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Autism Awareness Makes Big Gains

Changes in policy and social acceptance mean tangible benefits for those on the spectrum


April 2014

Though autism is not new, broad awareness of it is. Not so long ago autism meant Rain Man to the average American. Autistic individuals were either viewed as a little quirky or hospitalized if severely affected, with few options in between.

Today it's unusual to not have heard of the disorder. There are autism support groups for parents, grandparents and siblings, and social groups for those with autism. Government and health care systems are raising autism as an issue. Even cruise lines are promoting autism-friendly vacations. These and many other positive changes have occurred over the past 15 years and are, in large part, thanks to forces like the Autism Society of Indiana, Indiana Resource Center for Autism, Autism Speaks and outspoken advocates.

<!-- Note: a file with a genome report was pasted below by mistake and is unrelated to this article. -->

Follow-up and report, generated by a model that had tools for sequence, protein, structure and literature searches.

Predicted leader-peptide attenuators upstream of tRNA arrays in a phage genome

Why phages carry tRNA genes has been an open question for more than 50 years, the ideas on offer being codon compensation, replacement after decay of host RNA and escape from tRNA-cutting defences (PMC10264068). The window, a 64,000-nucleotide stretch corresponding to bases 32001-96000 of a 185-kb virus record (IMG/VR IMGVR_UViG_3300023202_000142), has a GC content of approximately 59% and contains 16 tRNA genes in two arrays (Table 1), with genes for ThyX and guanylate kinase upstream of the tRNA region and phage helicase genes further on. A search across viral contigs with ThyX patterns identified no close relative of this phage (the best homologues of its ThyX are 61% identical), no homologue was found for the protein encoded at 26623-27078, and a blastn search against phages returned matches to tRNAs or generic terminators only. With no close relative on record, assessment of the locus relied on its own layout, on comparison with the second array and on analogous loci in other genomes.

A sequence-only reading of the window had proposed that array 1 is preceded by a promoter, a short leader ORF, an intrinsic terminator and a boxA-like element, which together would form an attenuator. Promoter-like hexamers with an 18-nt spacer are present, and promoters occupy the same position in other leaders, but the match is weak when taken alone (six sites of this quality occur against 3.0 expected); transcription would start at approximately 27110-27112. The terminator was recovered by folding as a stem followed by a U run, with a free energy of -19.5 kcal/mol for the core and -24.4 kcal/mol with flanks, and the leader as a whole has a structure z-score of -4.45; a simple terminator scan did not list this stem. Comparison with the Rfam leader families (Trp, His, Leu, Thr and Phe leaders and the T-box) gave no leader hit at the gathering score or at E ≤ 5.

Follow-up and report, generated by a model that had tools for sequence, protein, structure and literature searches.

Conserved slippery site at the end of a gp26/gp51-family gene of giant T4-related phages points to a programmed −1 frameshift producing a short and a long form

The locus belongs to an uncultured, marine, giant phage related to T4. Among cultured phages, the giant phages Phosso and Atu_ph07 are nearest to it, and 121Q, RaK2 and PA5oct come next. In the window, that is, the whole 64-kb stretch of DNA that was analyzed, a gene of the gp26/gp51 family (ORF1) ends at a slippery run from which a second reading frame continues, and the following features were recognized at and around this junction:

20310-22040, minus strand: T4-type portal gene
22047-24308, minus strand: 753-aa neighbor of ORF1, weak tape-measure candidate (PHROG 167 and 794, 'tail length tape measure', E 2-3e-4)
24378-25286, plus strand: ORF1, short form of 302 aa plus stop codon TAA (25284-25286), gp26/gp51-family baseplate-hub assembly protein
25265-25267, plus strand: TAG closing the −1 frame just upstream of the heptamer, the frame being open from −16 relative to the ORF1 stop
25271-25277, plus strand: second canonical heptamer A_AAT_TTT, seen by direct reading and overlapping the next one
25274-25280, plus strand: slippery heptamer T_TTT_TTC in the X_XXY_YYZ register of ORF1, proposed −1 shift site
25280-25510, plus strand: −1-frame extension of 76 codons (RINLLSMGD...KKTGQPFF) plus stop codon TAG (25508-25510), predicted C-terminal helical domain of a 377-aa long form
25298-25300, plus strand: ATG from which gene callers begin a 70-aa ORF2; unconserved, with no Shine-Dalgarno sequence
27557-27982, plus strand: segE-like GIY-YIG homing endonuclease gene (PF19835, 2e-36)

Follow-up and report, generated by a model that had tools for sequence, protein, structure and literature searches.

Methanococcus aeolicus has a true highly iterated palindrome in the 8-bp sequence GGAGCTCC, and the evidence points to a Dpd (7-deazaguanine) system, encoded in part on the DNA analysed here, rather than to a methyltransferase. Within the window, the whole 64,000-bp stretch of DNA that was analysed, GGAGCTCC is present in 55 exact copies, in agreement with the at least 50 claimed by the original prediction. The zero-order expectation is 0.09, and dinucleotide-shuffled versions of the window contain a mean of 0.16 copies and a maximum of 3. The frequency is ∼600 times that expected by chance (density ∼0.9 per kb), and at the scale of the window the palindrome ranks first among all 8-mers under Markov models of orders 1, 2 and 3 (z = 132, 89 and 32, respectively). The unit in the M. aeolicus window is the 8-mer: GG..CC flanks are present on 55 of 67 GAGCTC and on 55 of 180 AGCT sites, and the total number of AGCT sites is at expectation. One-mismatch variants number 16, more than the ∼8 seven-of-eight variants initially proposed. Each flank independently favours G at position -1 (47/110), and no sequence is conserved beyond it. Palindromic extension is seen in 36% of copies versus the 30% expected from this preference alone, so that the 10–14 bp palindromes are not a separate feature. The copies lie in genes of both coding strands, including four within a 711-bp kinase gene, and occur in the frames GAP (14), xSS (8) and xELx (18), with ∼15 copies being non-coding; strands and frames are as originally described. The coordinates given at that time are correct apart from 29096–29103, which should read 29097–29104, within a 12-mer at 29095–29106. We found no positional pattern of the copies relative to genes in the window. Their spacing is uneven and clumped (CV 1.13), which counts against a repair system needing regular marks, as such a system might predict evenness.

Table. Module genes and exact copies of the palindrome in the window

Dana Renay, executive director of the Autism Society of Indiana, says among the major gains made is the fact that parents, teachers and physicians are now more willing to talk about autism and not simply justify away its symptoms. Though awareness is just one piece of the autism puzzle, it's key to spurring tangible progress.

Ensuring insurance

Indiana, proudly, made tangible progress in the area of autism treatment in 2001 by passing the first mandate requiring health insurance coverage for individuals with autism. Today 34 states have similar mandates.

"Without a doubt the biggest policy change that has made a tremendous impact on people's lives is the health insurance mandate," said Michele Trivedi, the mom and advocate who led the insurance mandate effort and is now manager of The Arc Insurance Project.

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Tags: In This Issue, Special Needs

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